Brief for the Affirmative.H. G. GRAY and A. F. HESS.
Best general references: Timothy O. Howe, No. Am. Rev. 130, p. 115. J. B. McMaster, Forum, XX, 257. E. W. Stoughton, No. Am. Rev. 130, p. 224. G. S. Boutwell, No. Am. Rev., 130, p. 570. N. Y. World, Oct. 7, '95. New York Herald, Nov. 9, 11, 14, 19, 20, 21, 22, 29, 1895.
A. It is according to the spirit of the Constitution. I. The Federal Constitutional Convention favored it. (a) They gave the question thorough discussion (McMasters, Forum, XX, 258). (b) The only objection to re-eligibility was when Congress should elect the President. (1) Frequent votes show this (Aowe, No. Am. Rev., 130, p. 120). (2) When the electoral plan was debated no objection was offered to re-eligibility. (c) None of the delegates who refused to sign the Constitution gave, in their public statements, as a reason for their refusal, the re-eligibility clause. II. The State Conventions, called to ratify the Constitution favored it (a) All the states offered many amendments (Von Holst, Const. History I, 60), but only three states offered amendments against the re-eligibility of the President (Howe, No. Am. Rev., 130, p. 121).
B. The people should be the judges. I. They have always shown discrimination in the election of Presidents. (a) In the past they have granted second terms only to such men as Washington, Jefferson, Madison, Monroe, Jackson, Lincoln, Grant and Cleveland. (b) They have shown it in the case of the present President (1) They elected Cleveland for a second term after a beak of four years.
C. It would be beneficial to the welfare of the country. I. There would be less frequent distribution of offices (a) There have been fewer removals when a president has succeeded himself than when a president has succeeded another, even of the same party. (b) A new President has to reward his supporters. II. Extra terms offer motives for clean administration (a) The President's misdoings are brought to light by the hostile press. III. The refusal of a third term might destroy a definite policy (a) Continuity is essential to successful foreign policy. IV. At times it would be unwise to change the chief executive (a) It might deprive the country of an efficient President. (1) In time of war (Stoughton, No. Am. Rev. 130 p. 227) (2) In time of financial troubles.
Brief for the Negative.R. P. BASS 1 GR., and F. S. BAYLEY '97.
Best general references: J. B. McMaster, Forum XX, p. 257; D. B. Eaton, N. Am. Rev., 154, p. 691; Nat. I. Review, XI, p. 377; Bryce, Am. Commonwealth, Vol. I, Chaps. V, VI, VII; Horace White, Lecture on Third Term Dangerous.
Election to third term would not be advisable. I. It is contrary to the unwritten principles of our government. A. Those principles, as understood by the constitutional convention and laid down by our great statesmen and presidents, are opposed to third terms. B. It is contrary to the will of the people. (1) On adopting the constitution New York declared against third terms. (2) Popular expression at end of Jefferson's second term was against it. (3) The fear of a third term for Grant in '75 caused a great popular outcry. (4) Grant's defeat for the nomination in '80 was caused by the same fear.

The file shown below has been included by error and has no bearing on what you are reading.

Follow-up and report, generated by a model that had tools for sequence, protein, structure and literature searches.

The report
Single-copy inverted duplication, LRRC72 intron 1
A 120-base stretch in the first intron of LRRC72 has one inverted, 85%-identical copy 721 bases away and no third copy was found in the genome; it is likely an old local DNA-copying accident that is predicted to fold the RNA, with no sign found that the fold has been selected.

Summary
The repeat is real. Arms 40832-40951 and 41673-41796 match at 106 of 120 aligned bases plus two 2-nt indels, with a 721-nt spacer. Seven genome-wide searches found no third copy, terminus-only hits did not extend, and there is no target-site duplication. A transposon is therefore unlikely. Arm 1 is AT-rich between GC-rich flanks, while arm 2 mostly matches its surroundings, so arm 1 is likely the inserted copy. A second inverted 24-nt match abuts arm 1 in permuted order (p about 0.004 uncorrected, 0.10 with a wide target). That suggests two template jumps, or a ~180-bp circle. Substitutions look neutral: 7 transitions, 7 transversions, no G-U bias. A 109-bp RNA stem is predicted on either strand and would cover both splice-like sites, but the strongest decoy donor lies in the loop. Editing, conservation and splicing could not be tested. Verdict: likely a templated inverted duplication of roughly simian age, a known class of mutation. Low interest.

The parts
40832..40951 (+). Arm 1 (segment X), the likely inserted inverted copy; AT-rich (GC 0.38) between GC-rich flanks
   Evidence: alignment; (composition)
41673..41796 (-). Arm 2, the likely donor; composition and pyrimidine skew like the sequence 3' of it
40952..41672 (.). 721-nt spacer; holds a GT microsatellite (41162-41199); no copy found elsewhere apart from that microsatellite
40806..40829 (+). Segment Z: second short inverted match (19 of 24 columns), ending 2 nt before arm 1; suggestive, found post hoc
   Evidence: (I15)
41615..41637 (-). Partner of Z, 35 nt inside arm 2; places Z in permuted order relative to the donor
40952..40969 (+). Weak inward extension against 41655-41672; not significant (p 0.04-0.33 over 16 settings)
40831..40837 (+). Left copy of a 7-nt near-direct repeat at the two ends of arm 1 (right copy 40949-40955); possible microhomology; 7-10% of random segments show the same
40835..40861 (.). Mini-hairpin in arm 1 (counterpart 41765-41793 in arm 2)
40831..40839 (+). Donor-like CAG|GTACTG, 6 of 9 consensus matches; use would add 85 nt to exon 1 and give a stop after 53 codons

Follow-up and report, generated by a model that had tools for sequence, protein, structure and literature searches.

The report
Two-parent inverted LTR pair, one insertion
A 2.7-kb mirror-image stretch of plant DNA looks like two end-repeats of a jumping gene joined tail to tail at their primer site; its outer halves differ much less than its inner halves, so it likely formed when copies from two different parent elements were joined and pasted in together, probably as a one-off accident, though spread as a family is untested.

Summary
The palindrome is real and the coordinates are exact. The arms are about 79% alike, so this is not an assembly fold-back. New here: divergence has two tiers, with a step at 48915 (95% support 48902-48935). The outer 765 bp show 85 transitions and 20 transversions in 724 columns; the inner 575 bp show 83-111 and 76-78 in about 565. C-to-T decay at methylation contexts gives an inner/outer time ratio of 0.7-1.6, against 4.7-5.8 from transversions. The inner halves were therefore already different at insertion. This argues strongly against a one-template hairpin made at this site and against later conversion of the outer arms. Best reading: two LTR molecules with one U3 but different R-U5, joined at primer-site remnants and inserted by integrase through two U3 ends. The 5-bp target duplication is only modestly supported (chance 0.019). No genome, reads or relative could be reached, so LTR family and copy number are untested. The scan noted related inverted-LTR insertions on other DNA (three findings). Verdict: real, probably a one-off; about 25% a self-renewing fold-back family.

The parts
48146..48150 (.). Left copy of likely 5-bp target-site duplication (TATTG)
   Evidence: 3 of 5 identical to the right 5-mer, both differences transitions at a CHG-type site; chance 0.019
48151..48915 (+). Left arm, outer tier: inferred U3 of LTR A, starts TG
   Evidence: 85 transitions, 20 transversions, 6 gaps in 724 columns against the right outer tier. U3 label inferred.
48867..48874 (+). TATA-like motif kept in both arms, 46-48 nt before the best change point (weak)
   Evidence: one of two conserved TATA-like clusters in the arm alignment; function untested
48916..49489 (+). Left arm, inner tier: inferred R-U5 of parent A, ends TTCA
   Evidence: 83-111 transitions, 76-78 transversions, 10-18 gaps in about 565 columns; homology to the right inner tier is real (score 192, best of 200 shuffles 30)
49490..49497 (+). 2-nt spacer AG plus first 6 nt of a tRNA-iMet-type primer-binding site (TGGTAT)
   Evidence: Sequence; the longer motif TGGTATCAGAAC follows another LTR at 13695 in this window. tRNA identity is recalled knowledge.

II. Expediency does not call for the breaking of these principles. A. Efficient men are readily found to fill the position. McMaster, Forum, XX, 265. B. The maintenance of a steady policy does not require it. (1) The foreign policy is controlled more by natural the President. (Bryce). (2) The home policy is mainly controlled by congress. (3) Continuance of the same policy depends upon the continued supremacy of the same party and not upon the re-election of the same president.
III. To establish the third term precedent would be dangerous. A. The existing precedent once broken, there would be nothing to limit the number of terms given one man. B. It would lead, from the power of appointment, to increased corruption (No. Am. 154: 691.) C. It would endanger our republican form of government. (1). It would lead to one of two things: (x) the development of a governing class, or (y) a strong, one-man government. (a.) In seeking several terms, the President must trust more and more either to the help of bosses and machines or to the love of the people. (b.) In the first the tendency is toward the stealing of the people's power by one class: in the second, the people transfer their power to a popular idol. (Bryce p. 69.) (2.) Frequent change of President is essential to a republican government. (a.) By change alone, is the interest and responsibility of the people in the government maintained. (b.) Continued re-election of the same man is the beginning of the resignation of self government.